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Should News Corp’s Anti-Climate Stance Impact its CSR Rating?

CSRHUB | Friday January 27th, 2012 | 1 Comment

CSR RatingsThe following is part of a series by our friends at CSRHub (a 3p sponsor) – offering free sustainability and corporate social responsibility ratings on over 5,000 of the world’s largest publicly traded companies. 3p readers get 40% off CSRHub’s professional subscriptions with promo code “TP40″

By Bahar Gidwani

One of our board members sent us a link to a great Harvard Business School article about how green ratings sources have failed to properly measure News Corporation’s social and environmental performance. The authors point out that News Corporation has set a goal to be “zero carbon” and therefore climate neutral.  But at the same time, the editorial side of News Corporation’s media properties has taken an anti-climate-change stance.

The authors describe a few of the ways in which a large company such as News Corporation could have actively pushed for positive change. They ask why ratings firms (including some who are our partners) don’t include “corporate activism” as one of the ways they measure corporate social responsibility (CSR).

It may sound smug, but we agree with this article and hope that our CSRHub ratings do make this adjustment. As a starting point, we would offer our ratings for News Corporation:

(Note: All ratings in this article are based on our CSRHub average user profile.  Our site’s users can adjust the ratings on our site to suit their personal opinions and values.)

As you can see, we show News Corporation as average within its industry and well below average on employee and community issues. Interestingly, at the subcategory level (we report 12 detailed ratings subcategories, as well), News Corporation is fairly good on Energy & Climate Change and Environment Policy & Reporting (a 58 on both or about 10th out of 57 Broadcasting & Advertising companies we follow).  However, it is weak on Resource Management (a relatively poor score of 45 that suggests the company does not control its actual use of resources well) and a weak 47 on Leadership Ethics (confirming that it may have inconsistent internal policies).  We certainly don’t put News Corporation at the top of its industry and we show fairly clearly that the company’s recent focus has been primarily on environment and governance issues, rather than on achieving broader social goals.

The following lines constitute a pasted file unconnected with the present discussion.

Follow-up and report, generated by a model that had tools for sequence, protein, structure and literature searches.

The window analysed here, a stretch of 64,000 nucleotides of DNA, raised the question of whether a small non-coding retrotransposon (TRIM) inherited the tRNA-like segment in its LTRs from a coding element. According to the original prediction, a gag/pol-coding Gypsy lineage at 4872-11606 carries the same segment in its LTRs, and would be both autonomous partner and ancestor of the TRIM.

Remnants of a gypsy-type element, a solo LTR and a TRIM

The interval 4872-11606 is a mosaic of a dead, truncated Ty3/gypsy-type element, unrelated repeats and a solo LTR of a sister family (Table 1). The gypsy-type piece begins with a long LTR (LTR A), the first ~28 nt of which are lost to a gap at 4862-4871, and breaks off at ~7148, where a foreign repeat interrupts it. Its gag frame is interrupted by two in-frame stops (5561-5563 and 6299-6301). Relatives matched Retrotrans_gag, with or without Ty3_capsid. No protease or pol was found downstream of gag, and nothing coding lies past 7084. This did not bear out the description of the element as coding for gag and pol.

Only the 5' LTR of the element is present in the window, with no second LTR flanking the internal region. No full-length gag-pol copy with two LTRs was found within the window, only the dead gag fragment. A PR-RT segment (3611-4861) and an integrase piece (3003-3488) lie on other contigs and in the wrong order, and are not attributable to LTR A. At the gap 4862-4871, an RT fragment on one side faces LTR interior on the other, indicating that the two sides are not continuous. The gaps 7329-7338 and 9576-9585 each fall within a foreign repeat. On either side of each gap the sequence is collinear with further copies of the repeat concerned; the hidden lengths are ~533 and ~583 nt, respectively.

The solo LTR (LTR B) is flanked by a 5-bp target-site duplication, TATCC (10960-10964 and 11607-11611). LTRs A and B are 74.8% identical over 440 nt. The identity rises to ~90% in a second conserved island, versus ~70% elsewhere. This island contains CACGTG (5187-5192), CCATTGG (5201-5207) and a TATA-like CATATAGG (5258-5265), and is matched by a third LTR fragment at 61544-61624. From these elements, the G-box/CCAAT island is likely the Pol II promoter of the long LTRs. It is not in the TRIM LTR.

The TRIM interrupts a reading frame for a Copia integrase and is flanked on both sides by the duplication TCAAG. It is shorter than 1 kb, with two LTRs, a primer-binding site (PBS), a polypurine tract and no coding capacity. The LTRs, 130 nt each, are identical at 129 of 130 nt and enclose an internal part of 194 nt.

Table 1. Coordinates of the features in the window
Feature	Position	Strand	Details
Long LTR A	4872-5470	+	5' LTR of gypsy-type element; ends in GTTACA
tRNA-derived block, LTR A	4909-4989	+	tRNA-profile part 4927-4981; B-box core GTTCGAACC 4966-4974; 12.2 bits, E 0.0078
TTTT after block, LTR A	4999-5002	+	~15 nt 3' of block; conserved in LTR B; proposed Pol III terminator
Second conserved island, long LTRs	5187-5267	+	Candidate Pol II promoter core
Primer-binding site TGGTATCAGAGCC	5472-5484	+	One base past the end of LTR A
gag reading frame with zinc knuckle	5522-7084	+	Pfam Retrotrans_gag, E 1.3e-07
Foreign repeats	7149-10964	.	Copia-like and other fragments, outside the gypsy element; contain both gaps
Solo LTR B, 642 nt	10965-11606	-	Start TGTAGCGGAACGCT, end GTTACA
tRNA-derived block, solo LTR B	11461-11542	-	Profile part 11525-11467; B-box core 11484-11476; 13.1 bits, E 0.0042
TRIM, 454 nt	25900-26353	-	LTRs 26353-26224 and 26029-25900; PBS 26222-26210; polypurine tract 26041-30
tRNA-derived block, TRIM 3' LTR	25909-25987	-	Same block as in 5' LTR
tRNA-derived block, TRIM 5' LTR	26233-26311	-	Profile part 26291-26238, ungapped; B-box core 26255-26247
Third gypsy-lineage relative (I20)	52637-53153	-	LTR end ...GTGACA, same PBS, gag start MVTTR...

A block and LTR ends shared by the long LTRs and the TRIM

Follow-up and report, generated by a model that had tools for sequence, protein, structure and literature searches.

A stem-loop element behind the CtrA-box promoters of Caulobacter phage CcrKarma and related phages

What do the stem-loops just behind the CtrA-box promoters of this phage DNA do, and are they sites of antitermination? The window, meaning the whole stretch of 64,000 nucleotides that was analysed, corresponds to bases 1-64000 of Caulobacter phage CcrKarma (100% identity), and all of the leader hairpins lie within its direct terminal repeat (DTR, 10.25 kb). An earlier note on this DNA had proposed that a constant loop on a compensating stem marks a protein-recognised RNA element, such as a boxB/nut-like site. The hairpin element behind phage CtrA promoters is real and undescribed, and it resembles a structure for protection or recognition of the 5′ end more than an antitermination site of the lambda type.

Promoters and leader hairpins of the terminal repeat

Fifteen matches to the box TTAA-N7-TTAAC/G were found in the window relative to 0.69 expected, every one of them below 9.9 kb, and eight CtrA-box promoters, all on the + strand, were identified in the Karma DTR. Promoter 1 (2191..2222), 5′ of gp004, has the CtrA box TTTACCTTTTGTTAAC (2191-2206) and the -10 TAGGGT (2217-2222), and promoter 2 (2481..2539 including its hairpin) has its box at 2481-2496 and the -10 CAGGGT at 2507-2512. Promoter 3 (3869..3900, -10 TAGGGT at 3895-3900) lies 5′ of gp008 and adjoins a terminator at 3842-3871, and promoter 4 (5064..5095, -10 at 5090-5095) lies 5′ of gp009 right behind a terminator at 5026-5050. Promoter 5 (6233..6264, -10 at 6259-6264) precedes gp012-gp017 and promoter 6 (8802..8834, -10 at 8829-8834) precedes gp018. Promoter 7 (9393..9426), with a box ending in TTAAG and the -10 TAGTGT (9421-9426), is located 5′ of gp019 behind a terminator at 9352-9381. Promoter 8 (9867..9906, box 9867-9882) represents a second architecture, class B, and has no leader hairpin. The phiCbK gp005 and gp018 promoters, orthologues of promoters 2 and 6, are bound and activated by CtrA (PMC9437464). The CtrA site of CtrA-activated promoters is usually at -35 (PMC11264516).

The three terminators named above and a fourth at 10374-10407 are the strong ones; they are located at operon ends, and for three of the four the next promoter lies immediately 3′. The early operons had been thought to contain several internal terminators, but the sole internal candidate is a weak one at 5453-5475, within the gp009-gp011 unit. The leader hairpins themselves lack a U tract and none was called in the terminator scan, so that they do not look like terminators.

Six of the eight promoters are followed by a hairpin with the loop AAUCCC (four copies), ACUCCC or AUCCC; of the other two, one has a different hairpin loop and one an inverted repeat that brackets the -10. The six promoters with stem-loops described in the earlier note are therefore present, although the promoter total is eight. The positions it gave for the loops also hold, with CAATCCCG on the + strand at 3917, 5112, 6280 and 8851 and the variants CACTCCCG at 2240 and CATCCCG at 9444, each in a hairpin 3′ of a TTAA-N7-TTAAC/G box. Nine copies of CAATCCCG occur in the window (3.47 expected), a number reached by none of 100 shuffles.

One reason our ratings are more tempered in their praise is probably that our base of data is very broad.  We have 2,944 data elements in our system for News Corporation, drawn from 23 sources.  Our sources each do their own independent research, so we have 23 opportunities to detect inconsistencies and a lack of commitment. We have another 115+ sources who don’t comment on News Corporation. The absence of their approval (or criticism) also informs our system.

For instance, unlike other major global companies, News Corporation is not a member of Business for Social Responsibility (BSR), Ceres, or the Committee Encouraging Corporate Philanthropy (CECP). The company did not endorse the Copenhagen Communique on climate change issues, did not participate in the Environmental Defense Fund’s Climate Corps, adopt the Equator Principles, commit to using the Global Reporting Initiative (GRI) reporting standards, issue a CSR report, commit to support the UN Global Compact (UNGC), or join the US Climate Action Partnership (USCAP).

We believe it is possible to avoid the kind of ratings failure that the HBS authors point out—or at least to gather enough data to predict and indicate that it may be occurring.  A company that doesn’t join, support, and interact with groups who support positive change, is probably not fully committed to change.

[Image credit: Sixth Lie, Flickr]